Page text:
Saturday, July 4, 2015

Gasper Smith, War of 1812 Veteran

In Monday's visit at the US National Archives, I viewed two pension files. This week I covered the file for Thomas W. Thornhill. The second pension file in the set was for Gasper Smith, husband of Rachel Hampton. Back in February 2015 I wrote about Gasper and Rachel, and how they acquired the farm of my 6th-great-grandfather Samuel Hampton in Sullivan County, Tennessee. Gasper served in the 32nd Regiment, Maryland Militia during the War of 1812.

In the closing stages of the war with England, Gasper served for 60 days (from 1 August to 27 September 1814) before he was discharged in Baltimore. While I cannot yet confirm this, it looks like Gasper's regiment may have fought in the famous Battle of Baltimore, where Francis Scott Key wrote the "Star-Spangled Banner".

Source: US National Archives.
The document above includes the signature of Rachel Hampton Smith.

At the time of his enlistment, Gasper was 17 years old, 6 feet 1 inch in height, with black hair and a fair complexion. He was trained as a blacksmith. Gasper lived in Maryland for 4 years after his discharge, and then moved to Sullivan County, Tennessee. There he met Rachel Hampton. According to the file, Gasper and Rachel were married on 24 March 1825. They lived in Sullivan County for the rest of his life.

They had a large family, at least 10 children. Gasper died on 30 November 1858. Rachel filed for a widow's pension, which was granted in April 1879. Rachel was awarded a pension for the remaining years of her life. She died on 5 July 1886 in Sullivan County, Tennessee.

Friday, July 3, 2015

Street art for the 4th of July

The two murals below are from my Miami layover on 16 June, en route to Buenos Aires, Argentina (see Miami Layover Street Art tour part 1 and 2). Have a great 4th everyone.
Photos by Patrick Jones. Wynwood Walls, Miami. 16 Jun 2015.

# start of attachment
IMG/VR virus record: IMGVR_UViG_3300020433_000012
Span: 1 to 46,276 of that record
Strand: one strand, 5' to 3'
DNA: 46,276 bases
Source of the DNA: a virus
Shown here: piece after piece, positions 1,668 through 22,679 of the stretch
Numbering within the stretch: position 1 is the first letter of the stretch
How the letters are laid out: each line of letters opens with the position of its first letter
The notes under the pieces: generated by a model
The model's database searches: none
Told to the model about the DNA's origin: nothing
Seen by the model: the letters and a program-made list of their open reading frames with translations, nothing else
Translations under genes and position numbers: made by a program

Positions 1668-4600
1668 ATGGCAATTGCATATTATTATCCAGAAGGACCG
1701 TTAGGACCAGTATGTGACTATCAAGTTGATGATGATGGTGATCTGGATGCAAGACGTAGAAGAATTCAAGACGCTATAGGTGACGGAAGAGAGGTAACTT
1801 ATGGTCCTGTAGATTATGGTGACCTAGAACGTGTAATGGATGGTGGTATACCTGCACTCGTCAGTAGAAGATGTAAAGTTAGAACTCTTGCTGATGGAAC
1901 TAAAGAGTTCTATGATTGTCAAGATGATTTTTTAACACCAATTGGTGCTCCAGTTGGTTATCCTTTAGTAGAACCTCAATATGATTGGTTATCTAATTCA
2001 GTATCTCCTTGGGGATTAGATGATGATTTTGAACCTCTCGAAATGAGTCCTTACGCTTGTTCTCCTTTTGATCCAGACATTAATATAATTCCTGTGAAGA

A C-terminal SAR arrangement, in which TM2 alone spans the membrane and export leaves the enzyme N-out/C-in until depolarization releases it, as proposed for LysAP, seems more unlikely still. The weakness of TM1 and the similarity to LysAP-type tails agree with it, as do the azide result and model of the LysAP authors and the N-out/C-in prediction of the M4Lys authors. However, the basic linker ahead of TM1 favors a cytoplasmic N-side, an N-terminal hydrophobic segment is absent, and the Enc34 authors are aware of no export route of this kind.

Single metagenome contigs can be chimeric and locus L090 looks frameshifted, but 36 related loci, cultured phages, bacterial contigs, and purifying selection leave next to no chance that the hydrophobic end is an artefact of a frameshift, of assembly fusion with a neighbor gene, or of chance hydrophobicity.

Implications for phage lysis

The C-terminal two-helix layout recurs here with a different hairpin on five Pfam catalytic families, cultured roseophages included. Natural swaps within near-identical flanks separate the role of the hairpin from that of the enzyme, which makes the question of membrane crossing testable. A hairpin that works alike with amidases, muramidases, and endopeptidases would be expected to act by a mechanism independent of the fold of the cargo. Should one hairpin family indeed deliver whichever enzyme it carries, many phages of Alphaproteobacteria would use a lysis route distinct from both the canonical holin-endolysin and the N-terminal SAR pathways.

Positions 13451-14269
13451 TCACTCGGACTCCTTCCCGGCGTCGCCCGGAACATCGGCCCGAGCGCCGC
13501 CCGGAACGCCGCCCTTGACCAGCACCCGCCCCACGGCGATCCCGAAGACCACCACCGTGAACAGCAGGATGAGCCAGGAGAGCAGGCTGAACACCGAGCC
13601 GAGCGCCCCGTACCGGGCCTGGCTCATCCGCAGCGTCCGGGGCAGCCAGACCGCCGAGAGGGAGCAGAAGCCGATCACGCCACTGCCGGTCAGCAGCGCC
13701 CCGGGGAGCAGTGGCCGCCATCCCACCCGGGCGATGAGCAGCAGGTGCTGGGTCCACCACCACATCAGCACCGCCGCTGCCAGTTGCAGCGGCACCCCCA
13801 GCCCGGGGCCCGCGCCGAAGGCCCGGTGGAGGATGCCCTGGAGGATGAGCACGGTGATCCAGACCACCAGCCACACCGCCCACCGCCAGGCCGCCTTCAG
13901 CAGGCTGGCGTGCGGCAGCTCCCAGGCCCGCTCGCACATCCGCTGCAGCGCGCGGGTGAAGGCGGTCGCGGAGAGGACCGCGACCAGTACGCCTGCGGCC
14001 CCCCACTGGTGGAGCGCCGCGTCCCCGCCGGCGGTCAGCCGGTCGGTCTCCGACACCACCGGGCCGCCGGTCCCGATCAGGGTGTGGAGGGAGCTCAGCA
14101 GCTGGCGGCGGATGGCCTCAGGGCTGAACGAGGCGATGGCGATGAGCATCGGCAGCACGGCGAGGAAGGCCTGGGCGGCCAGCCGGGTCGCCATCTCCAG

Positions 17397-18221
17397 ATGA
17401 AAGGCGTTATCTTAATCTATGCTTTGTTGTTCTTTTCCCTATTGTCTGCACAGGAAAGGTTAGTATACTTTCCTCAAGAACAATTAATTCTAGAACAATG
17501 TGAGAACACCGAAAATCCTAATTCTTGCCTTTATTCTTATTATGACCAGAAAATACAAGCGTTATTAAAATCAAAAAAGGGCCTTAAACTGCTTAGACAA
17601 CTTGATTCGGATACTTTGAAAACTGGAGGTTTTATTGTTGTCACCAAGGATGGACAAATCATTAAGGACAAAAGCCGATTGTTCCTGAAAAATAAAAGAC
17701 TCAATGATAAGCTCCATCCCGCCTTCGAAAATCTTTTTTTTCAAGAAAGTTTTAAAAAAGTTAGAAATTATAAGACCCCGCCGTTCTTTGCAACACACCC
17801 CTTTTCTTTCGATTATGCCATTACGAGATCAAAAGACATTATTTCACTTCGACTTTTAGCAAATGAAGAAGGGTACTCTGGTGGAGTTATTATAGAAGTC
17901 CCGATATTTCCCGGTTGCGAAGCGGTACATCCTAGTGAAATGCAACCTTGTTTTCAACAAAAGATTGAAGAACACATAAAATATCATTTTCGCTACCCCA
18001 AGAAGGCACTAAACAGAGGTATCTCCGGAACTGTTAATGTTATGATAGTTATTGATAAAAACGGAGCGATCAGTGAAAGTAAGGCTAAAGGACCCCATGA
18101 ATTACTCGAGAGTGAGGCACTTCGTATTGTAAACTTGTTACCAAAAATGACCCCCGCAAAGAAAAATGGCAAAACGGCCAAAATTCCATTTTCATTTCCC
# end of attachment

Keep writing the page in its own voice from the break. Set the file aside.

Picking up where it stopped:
Photo by Patrick Jones. Wynwood Walls, Miami. 16 Jun 2015.

Wednesday, July 1, 2015

Another in the web of family

Another supporter of Thomas W. Thornhill in his application for a pension from service in the 1st Tennessee Cavalry during the Civil War was Benjamin Hickey. He provided an affidavit on 29 October 1890, testifying that he had known Thomas for 30 years and that he was aware of Thomas' disability following the War. Benjamin's affidavit was also witnessed by Thomas' sister, Margaret Emily Thornhill Bowers and her husband William A. Bowers.

Benjamin Hickey was born in February 1824, and like Thomas, he served in Company C, 1st Tennessee Cavalry during the Civil War. Benjamin also has a tangled connection to my family tree. He was a younger brother of Sarah Sally Hickey (my 4th-great-grandmother), mother of Mary Catherine Green (my 3rd-great-grandmother and first wife of Joseph Thomas Jones). Benjamin's second wife was Louise Paralee Thornhill, a daughter of Alexander C. Thornhill and Minerva B. Preston. Alexander C. was a son of Joseph Thornhill and Sarah Westall, my 5th-great-grandparents.

Benjamin has a long file in his Civil War service record, and I am interested to go back to the National Archives to view his pension file in the hopes that there may be affidavits from others in the Jones and Thornhill families. A copy of his discharge papers from is below:
Source:, Civil War Service Records.

Tuesday, June 30, 2015

Leah Hart Thornhill